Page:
Orbital Sciences Corp.’s commercial Cygnus spacecraft, carrying two University of Colorado Boulder payloads to the International Space Station, is set to be launched from NASA’s Wallops Flight Facility in Virginia.
The two CU-Boulder payloads -- a biomedical antibiotic experiment and an educational K-12 experiment involving ant behavior in microgravity – were first scheduled to be launched aboard Orbital Sciences Corp.’s Antares rocket earlier this week; the mission was delayed twice, and tentatively rescheduled for this afternoon. Both experiments were designed by BioServe Space Technologies, a NASA-funded center in CU-Boulder’s aerospace engineering sciences department.
The CU-Boulder biomedical experiment was designed to test the effectiveness of antibiotics in space. Past experiments by CU-Boulder and other institutions have shown bacterial susceptibility to antibiotics is significantly reduced during spaceflight, although the reason is not yet known, said CU-Boulder associate professor David Klaus, principal investigator on the project.
Klaus said the investigation will examine changes in the gene expression of the bacteria E. coli during exposure to different concentrations of antibiotics while in the microgravity environment of space. The hope is to locate particular genes that are key to resisting antibiotics, which could lead to improved testing on Earth as well as new drug targets or new approaches to understanding antibiotic resistance in certain diseases or infections, Klaus said.
“Previous studies carried out in microgravity have shown that bacteria are able to grow in what normally would be an inhibitory concentration of the antibiotic,” Klaus said. “This investigation is aimed at characterizing the genetic basis for this response in the weightless environment of space with the intent of applying any insight gained toward combating the increasing emergence of drug-resistant pathogens here on Earth.”
Co-investigators on the project include BioServe Director Louis Stodieck, a research professor in aerospace engineering, and Shawn Levy, a researcher at the HudsonAlpha Institute for Biotechnology in Huntsville, Ala. The research effort also involves CU-Boulder doctoral candidate Luis Zea.
Bacterial resistance to antibiotics kills 100,000 Americans every year and represents a roughly $20 billion expense to the U.S. government in excess health care costs, Klaus said. The experiments will be undertaken using spaceflight test tubes contained in the Commercial Generic Bioprocessing Apparatus, or CGBA, an automated, suitcase-sized incubator, all designed and built by BioServe.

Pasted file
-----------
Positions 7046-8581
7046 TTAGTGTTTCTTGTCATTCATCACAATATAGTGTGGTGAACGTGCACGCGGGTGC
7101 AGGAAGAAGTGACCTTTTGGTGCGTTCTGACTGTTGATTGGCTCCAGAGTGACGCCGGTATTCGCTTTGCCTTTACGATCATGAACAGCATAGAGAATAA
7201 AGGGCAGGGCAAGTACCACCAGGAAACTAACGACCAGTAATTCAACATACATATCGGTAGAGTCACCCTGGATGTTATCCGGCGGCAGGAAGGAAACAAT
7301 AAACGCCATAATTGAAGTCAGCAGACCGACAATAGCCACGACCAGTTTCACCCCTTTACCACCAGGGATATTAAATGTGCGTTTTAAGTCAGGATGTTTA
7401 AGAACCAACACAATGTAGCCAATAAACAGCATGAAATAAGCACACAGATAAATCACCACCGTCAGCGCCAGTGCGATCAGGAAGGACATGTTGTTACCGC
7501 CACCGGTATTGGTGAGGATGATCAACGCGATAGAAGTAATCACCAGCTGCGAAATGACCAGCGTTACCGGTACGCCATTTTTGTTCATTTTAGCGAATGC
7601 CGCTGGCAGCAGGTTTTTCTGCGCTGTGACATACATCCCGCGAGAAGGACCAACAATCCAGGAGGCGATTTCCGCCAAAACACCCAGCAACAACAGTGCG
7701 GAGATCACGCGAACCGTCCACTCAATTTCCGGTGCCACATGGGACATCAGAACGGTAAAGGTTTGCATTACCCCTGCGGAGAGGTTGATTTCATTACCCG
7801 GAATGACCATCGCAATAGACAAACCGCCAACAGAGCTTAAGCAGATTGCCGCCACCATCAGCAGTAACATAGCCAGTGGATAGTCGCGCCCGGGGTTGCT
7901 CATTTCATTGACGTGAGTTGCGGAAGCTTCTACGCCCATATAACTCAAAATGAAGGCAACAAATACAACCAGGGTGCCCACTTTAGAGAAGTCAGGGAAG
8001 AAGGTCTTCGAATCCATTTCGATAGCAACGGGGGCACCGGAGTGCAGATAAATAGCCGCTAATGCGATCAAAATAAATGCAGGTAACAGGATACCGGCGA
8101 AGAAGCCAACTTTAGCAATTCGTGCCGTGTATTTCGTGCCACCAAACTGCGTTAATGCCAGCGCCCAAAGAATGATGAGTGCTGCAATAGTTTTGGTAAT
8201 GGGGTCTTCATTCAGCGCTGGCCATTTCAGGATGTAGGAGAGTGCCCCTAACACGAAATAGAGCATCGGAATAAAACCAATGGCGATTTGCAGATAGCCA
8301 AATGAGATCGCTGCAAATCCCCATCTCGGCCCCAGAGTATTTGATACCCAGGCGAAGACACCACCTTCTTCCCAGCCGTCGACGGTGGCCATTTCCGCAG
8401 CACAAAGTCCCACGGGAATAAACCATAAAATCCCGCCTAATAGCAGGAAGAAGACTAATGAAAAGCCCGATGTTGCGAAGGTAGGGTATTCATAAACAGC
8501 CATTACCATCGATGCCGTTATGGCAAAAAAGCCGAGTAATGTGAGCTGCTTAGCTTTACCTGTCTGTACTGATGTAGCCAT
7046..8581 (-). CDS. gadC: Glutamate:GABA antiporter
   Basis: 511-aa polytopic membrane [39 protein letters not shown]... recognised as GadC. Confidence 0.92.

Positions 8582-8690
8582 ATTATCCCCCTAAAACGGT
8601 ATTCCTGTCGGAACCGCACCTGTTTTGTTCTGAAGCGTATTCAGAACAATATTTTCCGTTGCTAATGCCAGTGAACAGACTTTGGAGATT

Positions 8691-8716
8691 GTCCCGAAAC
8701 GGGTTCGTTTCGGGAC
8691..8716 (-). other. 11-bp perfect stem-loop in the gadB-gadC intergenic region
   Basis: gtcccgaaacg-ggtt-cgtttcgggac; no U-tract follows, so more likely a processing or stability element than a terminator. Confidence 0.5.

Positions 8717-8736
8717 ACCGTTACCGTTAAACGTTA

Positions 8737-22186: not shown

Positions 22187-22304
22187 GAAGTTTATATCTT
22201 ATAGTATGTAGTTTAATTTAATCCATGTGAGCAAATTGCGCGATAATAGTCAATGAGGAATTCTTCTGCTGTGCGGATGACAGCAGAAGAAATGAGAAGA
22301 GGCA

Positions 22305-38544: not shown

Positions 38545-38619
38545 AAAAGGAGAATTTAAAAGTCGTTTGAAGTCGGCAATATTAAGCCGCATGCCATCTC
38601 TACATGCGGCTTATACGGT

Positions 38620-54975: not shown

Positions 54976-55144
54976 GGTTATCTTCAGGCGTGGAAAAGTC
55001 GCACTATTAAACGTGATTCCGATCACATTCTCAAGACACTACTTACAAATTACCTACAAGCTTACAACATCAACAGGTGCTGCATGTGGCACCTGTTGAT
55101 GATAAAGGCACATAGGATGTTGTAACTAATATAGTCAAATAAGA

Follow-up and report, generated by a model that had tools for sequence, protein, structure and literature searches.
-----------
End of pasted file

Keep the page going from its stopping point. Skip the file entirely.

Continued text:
The second experiment launching to ISS is known as Ants in Space, which examines foraging patterns based on the density of the common Pavement Ant, said BioServe Business Development Manager and Education Program Director Stefanie Countryman. “Past experiments by Professor Deborah Gordon, principal investigator on this project, have shown that some ant species have the ability to search areas collectively without individual communication. When ant densities are high, each ant thoroughly searches one small area in a circular, “random” walk, she said. When ant densities are low, each ant searches by walking in a relatively straight line, allowing it to cover more ground.
“Ants assess their own density at the rate at which they meet,” said Countryman, adding that the eight individual ant habitats on ISS will be loaded with roughly 100 ants each. “The experiment examines whether in microgravity ants will use the rate at which they meet to assess density, and so use straighter paths in the larger habitat areas. The results will be compared to ground controls, which in this case will include ant habitats in hundreds of K-12 classrooms around the world.”
Countryman has previously directed BioServe K-12 education experiments involving the behavior of butterflies, ladybugs and spiders in space, reaching hundreds of thousands of students around the world in the past two decades. For the ant experiments, BioServe is partnering with the Baylor College of Medicine’s Center for Education Outreach, a longstanding BioServe partner that has developed the education curriculum guide for the experiment.
BioServe research partners on the ant project include Gordon of Stanford University and Associate Professor Michael Greene of the University of Colorado Denver. The experiment is sponsored by NASA’s National Lab Education Office as well as the Center for the Advancement of Science in Space, a nonprofit group headquartered in Cape Canaveral, Fla.
Teachers interested in participating in the ant experiments may contact Countryman at email@example.com. More information on the project for teachers and students will be online beginning in mid-January at http://www.bioedonline.org.
The flight was the first Cygnus resupply cargo mission launched to ISS by Orbital Sciences Corp. and follows the earlier, successful launch of a Cygnus demo flight to ISS that arrived at the orbiting station Oct. 22.
In the past 25 years, BioServe has designed, built and flown microgravity life science research experiments on more than 40 space missions. BioServe has a full suite of space flight hardware, both on ISS and on the ground, which supports its own research as well as research conducted by its customers and partners. Past BioServe partners include large and small pharmaceutical and biotechnology companies, universities and NASA-funded researchers.
For more information on BioServe visit http://www.colorado.edu/engineering/BioServe/index.html.